When I started researching after booking our Paris tickets, I thought of what I really wanted to eat while there. The first thing that came to mind was steak frites. From my early years, we often had steak with béarnaise sauce and some kind of potato sidedish for weekend dinners cooked by my mum. I learned to whip up my own béarnaise sauce somewhere around the age of 11, and since then, I have no idea how many times we’ve had steak, fries and béarnaise sauce. I think it is quite safe to say that it is one of my all time favourite dishes. So simple, yet so refined and so, so tasty.
When I googled “Paris’ best steak frites”, a name kept on coming up in my search feed: Bistrot Paul Bert. The Bistro seemed to be exactly what I wanted. It was decently priced, not snobby, but not too casual either. It felt like the essence of Paris to me. Steak, frites, wine, and rustic charm. We made a booking two weeks in advance and was given a table at 19:30 (when the restaurant opens) on Saturday evening. Since we underestimated the Paris Saturday rush hour, we arrived in our Uber about half an hour late to friendly welcoming staff.
Bistrot Paul Bert has a fixed menu with three dishes priced €42 a person. They also had a couple of off the menu specials written on a board. No dishes seems to be permanently fixed on the menu, as we had wanted to try their steak tartare, but it was unavailable during our visit. Anyway, we did a bit of mix and match and opted to start with a shared starter of “roasted French scallops with Kari Gosse butter”. This was really delicious as well as really simple. Sweet, succulent roasted scallops with great melted butter mixed with the seafood juices from the scallops. We mopped up the butter with bread and basically just mmmm:ed our way through the starter.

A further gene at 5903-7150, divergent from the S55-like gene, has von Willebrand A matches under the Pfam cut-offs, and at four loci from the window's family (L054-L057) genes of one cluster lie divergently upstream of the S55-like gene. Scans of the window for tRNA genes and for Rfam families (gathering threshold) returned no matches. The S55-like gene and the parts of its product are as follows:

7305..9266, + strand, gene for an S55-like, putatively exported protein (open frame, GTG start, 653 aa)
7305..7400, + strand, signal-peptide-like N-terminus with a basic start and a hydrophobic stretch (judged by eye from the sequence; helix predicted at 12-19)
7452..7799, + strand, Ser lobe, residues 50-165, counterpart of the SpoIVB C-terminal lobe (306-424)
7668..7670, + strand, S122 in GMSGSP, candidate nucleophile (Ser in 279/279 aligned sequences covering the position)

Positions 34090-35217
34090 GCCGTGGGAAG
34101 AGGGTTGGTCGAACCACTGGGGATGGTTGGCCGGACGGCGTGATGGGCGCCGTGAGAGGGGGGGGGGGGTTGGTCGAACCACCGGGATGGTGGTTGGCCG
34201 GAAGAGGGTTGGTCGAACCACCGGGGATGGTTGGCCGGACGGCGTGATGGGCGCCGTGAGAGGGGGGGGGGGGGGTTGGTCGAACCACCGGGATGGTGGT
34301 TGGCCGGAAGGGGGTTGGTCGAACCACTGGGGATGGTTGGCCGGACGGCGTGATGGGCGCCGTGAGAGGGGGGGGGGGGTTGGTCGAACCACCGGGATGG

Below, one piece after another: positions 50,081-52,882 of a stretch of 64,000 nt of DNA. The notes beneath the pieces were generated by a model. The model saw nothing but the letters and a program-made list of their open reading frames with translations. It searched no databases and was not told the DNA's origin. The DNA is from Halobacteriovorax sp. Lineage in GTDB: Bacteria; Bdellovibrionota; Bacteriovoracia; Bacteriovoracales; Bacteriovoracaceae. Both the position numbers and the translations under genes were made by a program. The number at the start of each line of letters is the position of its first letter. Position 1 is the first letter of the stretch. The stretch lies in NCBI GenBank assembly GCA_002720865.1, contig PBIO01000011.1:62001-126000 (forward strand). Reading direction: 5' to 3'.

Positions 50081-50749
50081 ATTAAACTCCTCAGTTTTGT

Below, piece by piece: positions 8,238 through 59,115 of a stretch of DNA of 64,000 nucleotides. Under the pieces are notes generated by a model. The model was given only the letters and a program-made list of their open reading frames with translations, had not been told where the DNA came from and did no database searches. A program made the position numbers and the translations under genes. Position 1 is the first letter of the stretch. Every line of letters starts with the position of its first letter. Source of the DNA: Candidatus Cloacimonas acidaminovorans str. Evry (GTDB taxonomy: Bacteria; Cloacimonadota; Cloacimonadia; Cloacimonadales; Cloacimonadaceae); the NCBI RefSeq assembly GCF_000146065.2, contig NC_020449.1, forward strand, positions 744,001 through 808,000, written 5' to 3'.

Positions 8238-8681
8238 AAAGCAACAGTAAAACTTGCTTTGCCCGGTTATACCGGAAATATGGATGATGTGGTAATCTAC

I’ve read about Paul Bert’s steak au poivre, or their steak frites with peppercorn-cognac sauce. Fortunately it was on the menu as a special in the shape of above medium rare beef fillet, excellent pommes frites and the best damn peppercorn sauce I’ve ever licked of a plate. Well I did not actually do that, since the frites were soggy enough (in a good way, they were crispy too) to use as vessels to transport the sauce to my mouth with. The steak was perfectly cooked and very tasty as well. But the sauce was the real star of this dish.
My partner’s flank steak with fried shallots and pommes frites. Also delicious. But not served with any sauce but the beef juices.
Almost as online-raved-about as the great steak frites were Bistrot Paul Bert’s Paris Brest. The Paris Brest is a classic French pastry, which basically is a choux pastry filled with a hazelnut praline-flavoured cream filling. Very rich, very delicious.
What I actually liked even more than the Paris Brest was the incredibly good Grand Marnier-flavoured soufflé. It had crispy edges, fluffy content and a delicious flavour of vanilla, and of orange from the Grand Marnier.
Our dinner at Bistrot Paul Bert was great. The place was buzzing, the food was fantastic, the service friendly and the wine potent. It was all I wanted from a Saturday dinner in Paris, and the best steak au poivre I’ve ever had. Very recommended!
We paid €120 for two, with a shared starter, two mains, two desserts, water and a bottle of red wine.
I used my hotel to make a reservation since my French is non-existent. I however called to let them know we were late and they spoke good English. They do not seem to have a website, but they do have a Facebook page.